The saga of The J. Press Brochure brings to mind a winter afternoon in the early 1960s when my boss (and Uncle), Irving Press, was busy studying the new brochure in his corner lair by the custom department at the fabled Heyday shop on 16 East 44th Street. While alerting me to sophistries of his craft, we were greeted by David Ogilvy taking leave of his custom suit fitting with legendary tailor Felix Samelson. Pinned into his chalked and basted three-piece Donegal Tweed suit, Irving gave him a thumb’s up.
My uncle immediately proffered Ogilvy the brochure proofs, an act that might otherwise have been considered pure chutzpah since Ogilvy’s firm was never hired to produce a J. Press brochure. Catalogues at the time were home produced by the company. David Ogilvy, universally admired advertising tycoon, often shared fashion gossip with my uncle sharing J. Press customer repartée as if to a friend. Ogilvy studied the proofs admonishing my uncle. “Irving, don’t change a thing. You are precisely following my maxim, “The more informative your advertising, the more persuasive it will be.”
The original 1950s era catalogues depicted merchandise displayed on bare bone manikins set up in the back room of Kravitz’ Wedding Portrait Studio on Chapel Street in New Haven. The original catalogue format changed in 1990 adding live models and location shots at local businessman’s Quinnipiac Club just off the Yale Campus. The fashion models were chosen not unlike what today’s annoying TV cliché ad, “not models but actual customers.” Ours were models, but you couldn’t tell them apart from real live customers.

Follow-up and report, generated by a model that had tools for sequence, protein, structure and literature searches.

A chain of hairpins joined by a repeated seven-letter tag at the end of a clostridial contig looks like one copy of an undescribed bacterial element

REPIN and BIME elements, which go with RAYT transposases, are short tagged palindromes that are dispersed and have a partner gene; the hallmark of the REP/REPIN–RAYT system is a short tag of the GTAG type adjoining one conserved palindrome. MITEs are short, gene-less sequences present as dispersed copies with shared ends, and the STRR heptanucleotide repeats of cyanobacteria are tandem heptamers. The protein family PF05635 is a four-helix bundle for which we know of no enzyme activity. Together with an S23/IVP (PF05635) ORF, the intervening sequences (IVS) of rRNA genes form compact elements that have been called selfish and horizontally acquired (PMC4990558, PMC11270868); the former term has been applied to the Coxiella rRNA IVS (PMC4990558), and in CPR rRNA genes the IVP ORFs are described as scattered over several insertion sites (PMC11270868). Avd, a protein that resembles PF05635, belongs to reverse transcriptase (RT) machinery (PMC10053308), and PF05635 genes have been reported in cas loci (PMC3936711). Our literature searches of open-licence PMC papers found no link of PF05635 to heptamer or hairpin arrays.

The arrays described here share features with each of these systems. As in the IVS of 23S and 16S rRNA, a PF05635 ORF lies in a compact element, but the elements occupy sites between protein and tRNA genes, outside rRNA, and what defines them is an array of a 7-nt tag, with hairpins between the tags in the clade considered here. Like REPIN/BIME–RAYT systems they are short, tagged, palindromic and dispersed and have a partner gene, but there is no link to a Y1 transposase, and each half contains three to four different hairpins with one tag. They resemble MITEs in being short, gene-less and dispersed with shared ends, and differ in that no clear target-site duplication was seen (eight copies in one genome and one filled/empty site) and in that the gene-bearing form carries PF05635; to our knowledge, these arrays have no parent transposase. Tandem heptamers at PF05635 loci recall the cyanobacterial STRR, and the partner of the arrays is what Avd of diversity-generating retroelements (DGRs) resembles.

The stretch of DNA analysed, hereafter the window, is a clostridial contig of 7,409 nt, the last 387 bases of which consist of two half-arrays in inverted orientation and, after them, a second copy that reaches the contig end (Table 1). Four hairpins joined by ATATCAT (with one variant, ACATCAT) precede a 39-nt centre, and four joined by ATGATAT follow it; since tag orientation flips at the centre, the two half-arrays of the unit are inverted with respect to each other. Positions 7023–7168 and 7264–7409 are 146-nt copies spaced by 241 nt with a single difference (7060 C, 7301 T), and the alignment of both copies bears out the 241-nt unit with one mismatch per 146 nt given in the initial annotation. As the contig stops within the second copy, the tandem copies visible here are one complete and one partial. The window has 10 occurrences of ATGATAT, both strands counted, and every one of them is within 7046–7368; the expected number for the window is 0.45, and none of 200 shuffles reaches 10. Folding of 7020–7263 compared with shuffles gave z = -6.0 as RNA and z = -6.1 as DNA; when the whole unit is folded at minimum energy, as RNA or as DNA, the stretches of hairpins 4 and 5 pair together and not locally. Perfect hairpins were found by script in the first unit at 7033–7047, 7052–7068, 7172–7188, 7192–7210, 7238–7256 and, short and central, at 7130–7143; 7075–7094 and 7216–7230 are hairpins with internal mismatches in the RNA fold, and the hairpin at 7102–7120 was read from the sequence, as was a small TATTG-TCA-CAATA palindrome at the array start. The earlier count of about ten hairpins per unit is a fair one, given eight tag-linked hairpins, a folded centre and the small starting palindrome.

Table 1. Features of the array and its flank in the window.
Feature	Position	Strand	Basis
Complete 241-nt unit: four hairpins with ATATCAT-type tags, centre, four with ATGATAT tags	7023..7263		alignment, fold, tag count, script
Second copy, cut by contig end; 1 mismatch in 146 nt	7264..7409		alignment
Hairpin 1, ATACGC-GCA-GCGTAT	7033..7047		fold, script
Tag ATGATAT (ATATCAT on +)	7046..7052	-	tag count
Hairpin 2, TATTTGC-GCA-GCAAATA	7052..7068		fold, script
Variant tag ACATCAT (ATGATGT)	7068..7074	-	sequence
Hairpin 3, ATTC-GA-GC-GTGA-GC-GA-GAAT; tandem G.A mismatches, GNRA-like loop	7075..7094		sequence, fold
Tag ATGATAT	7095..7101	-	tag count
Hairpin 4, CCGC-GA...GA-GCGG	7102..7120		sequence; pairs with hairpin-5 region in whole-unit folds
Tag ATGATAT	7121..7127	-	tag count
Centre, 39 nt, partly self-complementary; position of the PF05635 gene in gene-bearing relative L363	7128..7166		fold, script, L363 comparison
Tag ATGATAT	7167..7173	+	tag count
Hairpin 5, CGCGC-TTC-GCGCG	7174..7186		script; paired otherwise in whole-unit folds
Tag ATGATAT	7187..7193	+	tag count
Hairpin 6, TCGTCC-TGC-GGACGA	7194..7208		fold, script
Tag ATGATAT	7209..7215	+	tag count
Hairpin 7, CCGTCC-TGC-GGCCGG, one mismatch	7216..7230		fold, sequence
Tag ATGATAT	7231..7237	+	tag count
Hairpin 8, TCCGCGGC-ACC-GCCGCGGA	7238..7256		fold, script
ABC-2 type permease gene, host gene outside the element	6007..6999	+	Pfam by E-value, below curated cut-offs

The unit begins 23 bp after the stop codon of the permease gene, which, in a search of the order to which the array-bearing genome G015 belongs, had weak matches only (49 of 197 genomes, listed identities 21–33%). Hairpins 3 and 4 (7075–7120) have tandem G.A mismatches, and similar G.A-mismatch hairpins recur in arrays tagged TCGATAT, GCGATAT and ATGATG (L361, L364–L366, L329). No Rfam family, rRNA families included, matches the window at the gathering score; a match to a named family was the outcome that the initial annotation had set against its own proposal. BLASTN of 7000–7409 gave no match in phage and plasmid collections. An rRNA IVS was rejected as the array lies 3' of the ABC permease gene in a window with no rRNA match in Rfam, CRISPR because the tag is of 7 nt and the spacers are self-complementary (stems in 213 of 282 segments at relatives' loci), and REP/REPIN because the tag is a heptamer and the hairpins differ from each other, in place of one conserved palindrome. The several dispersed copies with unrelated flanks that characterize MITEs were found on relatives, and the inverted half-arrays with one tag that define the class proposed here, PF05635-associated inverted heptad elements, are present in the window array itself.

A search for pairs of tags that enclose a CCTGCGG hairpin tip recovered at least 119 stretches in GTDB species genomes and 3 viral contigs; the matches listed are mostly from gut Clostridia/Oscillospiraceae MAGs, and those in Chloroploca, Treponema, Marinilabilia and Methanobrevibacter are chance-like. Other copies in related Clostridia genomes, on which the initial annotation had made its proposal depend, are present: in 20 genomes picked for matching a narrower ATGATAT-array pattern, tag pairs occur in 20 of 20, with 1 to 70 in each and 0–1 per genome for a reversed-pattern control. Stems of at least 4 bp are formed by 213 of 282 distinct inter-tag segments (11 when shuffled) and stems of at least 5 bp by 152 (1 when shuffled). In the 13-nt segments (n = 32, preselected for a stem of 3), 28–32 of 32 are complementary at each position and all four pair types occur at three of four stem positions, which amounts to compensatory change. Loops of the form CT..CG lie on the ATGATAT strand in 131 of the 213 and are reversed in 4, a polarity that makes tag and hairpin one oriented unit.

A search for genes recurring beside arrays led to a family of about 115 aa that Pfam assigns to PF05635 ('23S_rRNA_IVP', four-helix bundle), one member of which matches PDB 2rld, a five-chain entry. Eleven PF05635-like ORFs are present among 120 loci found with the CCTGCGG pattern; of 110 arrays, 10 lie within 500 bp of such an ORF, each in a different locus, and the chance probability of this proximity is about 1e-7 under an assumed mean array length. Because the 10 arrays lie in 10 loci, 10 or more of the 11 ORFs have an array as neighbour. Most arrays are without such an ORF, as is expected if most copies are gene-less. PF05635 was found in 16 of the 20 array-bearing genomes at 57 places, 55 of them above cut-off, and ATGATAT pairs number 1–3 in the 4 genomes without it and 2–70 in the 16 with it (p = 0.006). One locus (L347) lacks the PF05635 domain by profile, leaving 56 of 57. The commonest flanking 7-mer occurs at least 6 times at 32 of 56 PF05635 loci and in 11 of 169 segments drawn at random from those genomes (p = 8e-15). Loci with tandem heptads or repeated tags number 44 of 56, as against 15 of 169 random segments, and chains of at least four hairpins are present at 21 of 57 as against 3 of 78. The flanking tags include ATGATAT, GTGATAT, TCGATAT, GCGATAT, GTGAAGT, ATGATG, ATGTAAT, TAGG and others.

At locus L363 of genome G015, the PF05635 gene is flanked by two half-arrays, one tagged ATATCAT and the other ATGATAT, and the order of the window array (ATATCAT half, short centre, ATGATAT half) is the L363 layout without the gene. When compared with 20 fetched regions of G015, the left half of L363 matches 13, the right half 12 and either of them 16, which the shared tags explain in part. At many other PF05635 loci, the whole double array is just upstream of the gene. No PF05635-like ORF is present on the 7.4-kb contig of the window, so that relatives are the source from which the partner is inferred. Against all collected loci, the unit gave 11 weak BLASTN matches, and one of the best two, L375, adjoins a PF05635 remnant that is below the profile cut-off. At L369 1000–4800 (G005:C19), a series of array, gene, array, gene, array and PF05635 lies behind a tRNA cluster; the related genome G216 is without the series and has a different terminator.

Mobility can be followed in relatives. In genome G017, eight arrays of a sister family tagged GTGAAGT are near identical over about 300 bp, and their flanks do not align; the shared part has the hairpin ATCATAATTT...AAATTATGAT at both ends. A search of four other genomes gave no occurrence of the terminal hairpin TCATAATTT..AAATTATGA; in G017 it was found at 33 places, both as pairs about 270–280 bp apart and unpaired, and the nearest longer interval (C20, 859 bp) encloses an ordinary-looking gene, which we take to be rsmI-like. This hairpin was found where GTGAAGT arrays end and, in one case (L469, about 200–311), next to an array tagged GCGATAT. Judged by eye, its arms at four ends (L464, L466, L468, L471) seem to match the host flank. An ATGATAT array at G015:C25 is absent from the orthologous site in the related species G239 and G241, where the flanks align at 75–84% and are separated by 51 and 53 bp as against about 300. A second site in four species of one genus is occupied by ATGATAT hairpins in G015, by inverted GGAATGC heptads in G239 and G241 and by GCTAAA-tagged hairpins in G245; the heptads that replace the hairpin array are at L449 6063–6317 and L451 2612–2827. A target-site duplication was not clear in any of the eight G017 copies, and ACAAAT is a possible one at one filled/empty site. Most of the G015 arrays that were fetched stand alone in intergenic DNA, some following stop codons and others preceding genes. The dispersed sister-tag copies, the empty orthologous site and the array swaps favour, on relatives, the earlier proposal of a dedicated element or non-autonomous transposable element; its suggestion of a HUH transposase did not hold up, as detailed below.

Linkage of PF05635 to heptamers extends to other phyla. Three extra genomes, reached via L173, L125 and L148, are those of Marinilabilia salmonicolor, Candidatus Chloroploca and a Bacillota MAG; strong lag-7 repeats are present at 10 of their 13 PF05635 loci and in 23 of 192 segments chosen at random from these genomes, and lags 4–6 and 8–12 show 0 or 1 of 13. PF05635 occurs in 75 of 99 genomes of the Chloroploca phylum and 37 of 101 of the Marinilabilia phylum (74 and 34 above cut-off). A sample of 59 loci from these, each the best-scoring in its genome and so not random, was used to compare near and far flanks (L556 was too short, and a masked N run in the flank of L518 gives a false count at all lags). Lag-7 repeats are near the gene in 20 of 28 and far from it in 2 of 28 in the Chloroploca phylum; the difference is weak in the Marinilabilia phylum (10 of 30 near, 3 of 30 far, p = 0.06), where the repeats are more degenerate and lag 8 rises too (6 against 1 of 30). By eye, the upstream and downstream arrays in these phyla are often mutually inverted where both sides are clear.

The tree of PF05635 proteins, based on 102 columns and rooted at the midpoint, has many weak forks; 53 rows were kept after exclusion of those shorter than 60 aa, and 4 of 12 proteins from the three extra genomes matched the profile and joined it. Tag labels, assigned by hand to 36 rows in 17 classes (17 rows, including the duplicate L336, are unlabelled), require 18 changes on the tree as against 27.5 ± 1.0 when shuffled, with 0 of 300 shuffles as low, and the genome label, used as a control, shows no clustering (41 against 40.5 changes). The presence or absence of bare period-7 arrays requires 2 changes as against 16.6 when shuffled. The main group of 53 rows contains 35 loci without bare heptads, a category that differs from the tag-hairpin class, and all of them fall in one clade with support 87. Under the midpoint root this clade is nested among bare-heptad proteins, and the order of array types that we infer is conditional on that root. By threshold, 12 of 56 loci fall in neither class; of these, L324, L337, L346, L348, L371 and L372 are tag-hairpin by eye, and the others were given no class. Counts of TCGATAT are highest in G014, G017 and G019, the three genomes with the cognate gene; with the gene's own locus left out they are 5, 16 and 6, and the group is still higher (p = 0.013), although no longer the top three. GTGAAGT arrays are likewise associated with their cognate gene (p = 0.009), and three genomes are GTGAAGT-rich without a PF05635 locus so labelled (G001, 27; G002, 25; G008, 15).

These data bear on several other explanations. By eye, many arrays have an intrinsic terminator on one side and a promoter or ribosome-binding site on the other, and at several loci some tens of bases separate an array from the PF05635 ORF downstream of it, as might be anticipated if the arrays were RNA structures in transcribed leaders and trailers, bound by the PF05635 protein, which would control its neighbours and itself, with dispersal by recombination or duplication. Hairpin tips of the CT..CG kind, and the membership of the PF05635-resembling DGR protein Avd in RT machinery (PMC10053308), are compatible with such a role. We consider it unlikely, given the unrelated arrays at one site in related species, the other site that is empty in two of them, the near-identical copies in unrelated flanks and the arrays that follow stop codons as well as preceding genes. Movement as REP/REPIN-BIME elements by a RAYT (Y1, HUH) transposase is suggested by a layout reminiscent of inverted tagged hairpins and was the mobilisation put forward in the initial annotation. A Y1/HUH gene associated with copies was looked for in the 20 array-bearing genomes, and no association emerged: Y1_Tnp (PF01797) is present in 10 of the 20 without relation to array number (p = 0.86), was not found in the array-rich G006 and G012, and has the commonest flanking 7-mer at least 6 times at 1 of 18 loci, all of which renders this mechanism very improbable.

More than a half century after the Ogilvy meeting, the 2019 J. Press Fall & Winter Brochure honor his philosophy. Changing Times require New Rules—exhaustive product copy detail have given way to meticulously prepared advanced digital photography together with familiar scenes favored by our customer profile audience.
A long way from David Ogilvy.
Oh good! The last one was so rich in color and texture pictures. Really cool. I brought the 2018 in to my office and catch my staff ogling over it frequently. Looking forward to the new one!
I always enjoy the historic and sartorial commentary of Mr. Press. His witty and satirical banter about fashion , family, business and the promotion of individual style vis a vis a whimsically changeable and usually fickle fashion in men’s wardrobe gives a balanced prospective on why style, dress, and personal carriage are an important statement about our civilization; denoting both respect for ourselves and others and a mainstay of gentlemanly deportment. Please continue the column, display photographically where appropriate and inform us of our history.
J. Holmes Armstead, J.D., Ph.D., LL.D.
Please send me your 2019 brochure:
Marcus R. T. Thomson
Spa Le Chien
65 Ramon Street
Sonoma, CA 95476
Thank you in advance for your assistance.
I was very happy when the new catalog arrived as it presents the latest in fine merchandise offered by the last truly Ivy League men’s store in the United States. Your advertising team have done a great job.
Another interesting piece of history. The 2019 brochure arrived last week and is naturally well done but I still remember the thinner horizontal brochures from the late 1950s and 1960s when I was much younger. Always preppy with sophistication. Thanks for the memories and keep up the good work.
I always look forward to receiving the Look Book. . . sits on the credenza in my office and I share it with my colleagues and customers until the next one arrives!
Please forward me a copy of your all new catalog or should I say brochure :
12/2 Eastbourne Rd
Darling Point NSW 2027
Thank you … I am a Brooke’s Bros customer but am impressed with J Press’s stylish products.